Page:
Long before Anthony Taylor returned home from the battlefield of Baghdad, his friends and family had already lost track of the soldier and his life. He had battled depression, spent time in a psychiatric facility and taken the prescribed medication. But he would never be the man his friends described. When he returned home from Iraq in 2007, he was battling an alleged murder plot by his ex-wife. And he told friends he wanted out of the Army.
“My world crumbled in the first week back,” he said in a letter to his mother one month later. “I left the theater of war for the theater of survival.”
At Fort Hamilton, Brooklyn, a cemetery department assistant found 16 dismembered bodies in a potter’s field in the town of Torresdale. Authorities accused six homicide suspects, including a former soldier, and two firearms-training instructors.
[The 13-acre property] is the site of a government-owned burial plot that was sold for auction last year to the Concerned Veterans for America.
The battlefield was one of more than a dozen that the killing grounds and extermination park employed. The facility cost a total of $3.5 million to acquire, equip and operate.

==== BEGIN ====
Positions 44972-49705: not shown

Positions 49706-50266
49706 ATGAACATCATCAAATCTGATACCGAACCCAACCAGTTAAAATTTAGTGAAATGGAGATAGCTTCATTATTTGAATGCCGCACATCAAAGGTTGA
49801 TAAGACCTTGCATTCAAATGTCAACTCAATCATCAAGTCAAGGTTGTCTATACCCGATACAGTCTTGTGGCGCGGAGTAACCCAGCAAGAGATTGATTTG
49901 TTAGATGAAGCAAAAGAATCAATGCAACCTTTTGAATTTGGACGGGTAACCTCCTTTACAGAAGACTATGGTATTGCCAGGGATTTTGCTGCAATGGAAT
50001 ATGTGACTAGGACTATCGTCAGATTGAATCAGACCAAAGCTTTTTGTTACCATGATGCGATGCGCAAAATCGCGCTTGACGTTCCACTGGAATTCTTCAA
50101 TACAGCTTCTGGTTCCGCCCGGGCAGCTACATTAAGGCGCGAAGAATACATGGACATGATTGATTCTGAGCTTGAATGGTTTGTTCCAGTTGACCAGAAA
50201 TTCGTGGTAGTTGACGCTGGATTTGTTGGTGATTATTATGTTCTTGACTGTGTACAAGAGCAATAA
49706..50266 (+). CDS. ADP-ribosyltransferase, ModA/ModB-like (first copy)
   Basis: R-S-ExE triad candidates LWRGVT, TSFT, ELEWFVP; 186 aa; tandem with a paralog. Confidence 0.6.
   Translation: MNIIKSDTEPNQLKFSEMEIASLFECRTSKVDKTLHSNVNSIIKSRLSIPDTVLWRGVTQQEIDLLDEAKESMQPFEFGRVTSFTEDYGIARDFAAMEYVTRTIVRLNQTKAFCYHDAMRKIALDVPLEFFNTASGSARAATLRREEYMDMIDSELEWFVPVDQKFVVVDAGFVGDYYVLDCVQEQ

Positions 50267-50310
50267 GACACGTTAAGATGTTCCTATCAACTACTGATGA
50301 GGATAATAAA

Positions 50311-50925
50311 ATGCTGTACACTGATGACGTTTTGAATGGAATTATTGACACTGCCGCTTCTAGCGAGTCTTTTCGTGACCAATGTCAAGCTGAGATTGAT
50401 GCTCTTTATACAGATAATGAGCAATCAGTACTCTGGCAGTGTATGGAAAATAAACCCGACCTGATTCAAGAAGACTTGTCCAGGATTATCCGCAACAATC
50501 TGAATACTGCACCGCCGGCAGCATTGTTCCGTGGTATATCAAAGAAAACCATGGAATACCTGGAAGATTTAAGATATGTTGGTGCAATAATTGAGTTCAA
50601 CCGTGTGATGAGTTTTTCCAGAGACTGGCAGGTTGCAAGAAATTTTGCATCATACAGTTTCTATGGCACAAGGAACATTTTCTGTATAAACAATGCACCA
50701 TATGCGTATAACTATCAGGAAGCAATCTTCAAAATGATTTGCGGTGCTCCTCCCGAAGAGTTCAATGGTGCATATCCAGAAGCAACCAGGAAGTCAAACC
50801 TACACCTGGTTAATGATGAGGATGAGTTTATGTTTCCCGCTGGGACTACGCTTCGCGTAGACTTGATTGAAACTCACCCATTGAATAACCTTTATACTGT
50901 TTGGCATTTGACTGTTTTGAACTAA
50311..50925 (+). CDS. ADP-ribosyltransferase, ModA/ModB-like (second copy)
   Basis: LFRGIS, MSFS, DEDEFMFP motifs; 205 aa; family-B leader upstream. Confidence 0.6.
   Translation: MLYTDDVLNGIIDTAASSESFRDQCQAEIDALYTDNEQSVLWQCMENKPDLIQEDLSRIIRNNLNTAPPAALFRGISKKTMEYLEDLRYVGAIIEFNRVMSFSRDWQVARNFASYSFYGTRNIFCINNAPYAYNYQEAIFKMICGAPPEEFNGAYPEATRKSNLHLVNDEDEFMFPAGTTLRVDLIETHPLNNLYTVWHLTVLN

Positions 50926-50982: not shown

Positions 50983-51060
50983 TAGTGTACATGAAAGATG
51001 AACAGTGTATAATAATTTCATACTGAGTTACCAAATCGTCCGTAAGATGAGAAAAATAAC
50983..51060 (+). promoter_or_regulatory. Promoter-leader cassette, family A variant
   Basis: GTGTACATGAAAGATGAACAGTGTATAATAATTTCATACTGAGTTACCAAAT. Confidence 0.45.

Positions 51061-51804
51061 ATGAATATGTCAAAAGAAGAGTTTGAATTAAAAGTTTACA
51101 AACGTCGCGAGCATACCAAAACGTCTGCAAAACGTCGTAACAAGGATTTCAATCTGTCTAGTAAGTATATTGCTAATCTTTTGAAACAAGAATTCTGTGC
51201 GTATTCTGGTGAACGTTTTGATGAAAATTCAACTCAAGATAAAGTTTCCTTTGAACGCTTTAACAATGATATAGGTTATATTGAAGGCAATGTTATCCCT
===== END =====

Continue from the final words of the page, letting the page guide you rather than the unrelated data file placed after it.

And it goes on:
Between 2015 and 2017, FBI and forensic experts rescued bodies in some 105 cases across the country from roughly 50 locations, including three former cemeteries. Authorities also arrested 17 people on a variety of charges, including human trafficking, illegal disposal of human remains and conspiracy.
As in many of the cases, city officials had either known about the graves or kept the knowledge to themselves.
“There were places that were frequented by military personnel, places of burial and cremation that they were aware of,” New York City chief medical examiner Barbara Sampson told reporters in March 2018.
In some cases, the inmates were required to dig the graves with their bare hands. The dogs that would monitor the buried remains were accused of biting victims when they were found.
For most of the burials, the bodies, which ranged from infants to the elderly, were uncovered and reburied in or next to the existing structures. The forensic experts visited and cataloged the remains, taking photographs and videos.
Volunteers from the veterans group had taken many of the bodies to New Jersey, where they were cremated. The nonprofit raised and preserved the remains to offer them to the public to perform the services.
The organization also reburied some of the victims. The rest were taken to the state coroner’s office in Suffolk County.
Amid the grisly discoveries in 2015 and 2016, the New York State Department of Health suspended the crematory and offered financial incentives to people willing to participate in the reburial program.